With the advent of iCloud and it’s potential, many people have started using it to store different types of information such as photos and music. Sometimes, you just want to download pictures from iCloud onto your personal flash drive or a USB drive. This article shows you how to do that in simple five steps.
What’s iCloud Photo Library?
iCloud Photo Library stores every photo and video you take and keeps them up to date on all your devices. Any edits you make are automatically updated everywhere. iCloud Photo Sharing makes it easy to share photos and videos with exactly the people you want to see them.
The iCloud library stores the original resolution photos and videos and stores a lightweight version on your device. This feature has been an excellent addition as it saves a lot of storage space on your device.
As a result, many users have seen their number of photos in their iCloud account grow over the last few years. Although the iCloud makes it easy to share the images with your friends and family, sometimes you just want to download them to your personal drive and keep them handy ..Just-in-Case…You never know.
Here are the necessary steps to download all your photos from iCloud and store it on a USB or a zip drive:
Step – 1. Change Default Download Location
If you are using Safari to access icloud.com, first modify the default download library and point it to your USB drive. Go to Safari > Preferences > General. And remember to switch that default download folder location back to its original position once you complete the download of all your iCloud photos.
All browsers allow you to change your default download location. Most often that setting is found in the browser’s preferences usually located underneath the browser’s name in the menu bar. Also, pressing the command key (⌘) + comma (,) key brings up the preference menu for most browsers, including Safari and Chrome as well as others.
Step – 2. Log into iCloud
Log into icloud.com using your computer and provide your Apple credentials (ID and password)
Step – 3. Open Photos App
Once you have logged in into your iCloud account, you see the screen with all the various iCloud folders. Click on Photos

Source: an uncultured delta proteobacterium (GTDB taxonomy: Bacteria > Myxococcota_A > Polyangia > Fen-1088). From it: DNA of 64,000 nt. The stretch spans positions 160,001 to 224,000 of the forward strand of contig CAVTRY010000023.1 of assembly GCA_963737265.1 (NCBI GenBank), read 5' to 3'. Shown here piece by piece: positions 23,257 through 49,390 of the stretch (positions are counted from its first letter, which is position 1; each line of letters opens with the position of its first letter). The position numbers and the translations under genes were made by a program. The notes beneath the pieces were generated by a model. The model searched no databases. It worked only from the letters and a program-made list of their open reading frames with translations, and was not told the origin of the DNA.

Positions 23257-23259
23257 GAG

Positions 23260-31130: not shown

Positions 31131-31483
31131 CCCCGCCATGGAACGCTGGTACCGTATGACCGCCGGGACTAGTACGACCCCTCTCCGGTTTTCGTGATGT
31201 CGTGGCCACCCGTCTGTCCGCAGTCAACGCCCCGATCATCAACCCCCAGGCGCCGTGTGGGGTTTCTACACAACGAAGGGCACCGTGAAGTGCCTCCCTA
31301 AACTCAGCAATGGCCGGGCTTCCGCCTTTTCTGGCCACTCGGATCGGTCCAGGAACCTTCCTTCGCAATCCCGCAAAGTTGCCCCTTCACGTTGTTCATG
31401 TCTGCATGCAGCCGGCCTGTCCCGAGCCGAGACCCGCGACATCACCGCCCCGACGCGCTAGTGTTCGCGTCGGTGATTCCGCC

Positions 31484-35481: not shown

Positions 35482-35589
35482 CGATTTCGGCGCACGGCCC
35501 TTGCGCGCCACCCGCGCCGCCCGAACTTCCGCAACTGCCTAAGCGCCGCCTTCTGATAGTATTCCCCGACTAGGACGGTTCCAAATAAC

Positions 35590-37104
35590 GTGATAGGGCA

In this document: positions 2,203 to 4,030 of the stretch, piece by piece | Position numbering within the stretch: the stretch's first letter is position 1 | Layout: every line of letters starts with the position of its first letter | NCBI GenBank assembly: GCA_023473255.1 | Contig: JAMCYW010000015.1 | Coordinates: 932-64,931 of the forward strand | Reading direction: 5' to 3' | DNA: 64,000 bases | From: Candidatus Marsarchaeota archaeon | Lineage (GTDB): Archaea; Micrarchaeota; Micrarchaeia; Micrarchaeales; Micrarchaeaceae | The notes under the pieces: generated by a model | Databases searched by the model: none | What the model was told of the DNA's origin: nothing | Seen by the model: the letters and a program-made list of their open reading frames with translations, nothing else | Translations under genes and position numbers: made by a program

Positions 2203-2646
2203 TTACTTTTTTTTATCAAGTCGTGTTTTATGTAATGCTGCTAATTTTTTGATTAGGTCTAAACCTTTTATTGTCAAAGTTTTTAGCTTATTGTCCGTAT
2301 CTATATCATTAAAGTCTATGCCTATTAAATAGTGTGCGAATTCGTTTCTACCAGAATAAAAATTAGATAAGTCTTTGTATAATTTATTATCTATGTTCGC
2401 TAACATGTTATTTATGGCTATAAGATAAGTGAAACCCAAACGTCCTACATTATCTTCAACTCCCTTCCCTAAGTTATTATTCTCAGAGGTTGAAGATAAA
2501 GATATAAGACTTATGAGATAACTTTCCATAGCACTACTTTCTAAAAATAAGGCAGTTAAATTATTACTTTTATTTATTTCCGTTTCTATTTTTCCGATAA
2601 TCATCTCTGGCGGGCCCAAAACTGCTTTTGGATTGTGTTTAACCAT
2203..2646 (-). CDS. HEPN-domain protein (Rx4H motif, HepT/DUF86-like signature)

Step – 4. Select Photos to Download
Click your selected photo to highlight for download. To select multiple images, hold down the command key (⌘) and continue holding until all photos are selected.
If you highlighted a photo that you don’t want to download, press the command key (⌘) again on that photo to deselect.
Step – 5. Download Photos
After selecting all those pictures that you want to download, click on the Download Cloud (cloud with the arrow facing down.)
Now, all your chosen photos download to your default location (usually the default download library for your browser.) If using Safari, follow the steps listed above to change that place to your external drive. And if you can’t find those downloads, click on the downloads button to open recent downloads and select the magnifying glass to discover its location.
Don’t forget to switch that default download folder location back to its original position once you complete the download of all your iCloud photos
Using a Windows PC?
- Manually download all the files from Apple’s iCloud website to a folder on your PC and then copy/paste or move them to your USB drive
- Download iCloud for Windows and find the iCloud folder in your File Explorer. Then, copy the photos from your PCs’ iCloud folder and paste them to your USB Drive
Apple’s iCloud is a safe and secure drive for the most part. The risk of losing your favorite images and photos could be huge if something happened to your iCloud account. Some people have thousands and thousands of photos that have been stored for over several years.
Follow this process if you want to save some of your photos on an external drive. It’s best to be safe and sure that you have a backup for a rainy day. And if something happens to your iCloud account, you’re covered and can retrieve your images at any time.
Obsessed with tech since the early arrival of A/UX on Apple, Sudz (SK) is responsible for the editorial direction of AppleToolBox. He is based out of Los Angeles, CA.
Sudz specializes in covering all things macOS, having reviewed dozens of OS X and macOS developments over the years.
In a former life, Sudz worked helping Fortune 100 companies with their technology and business transformation aspirations.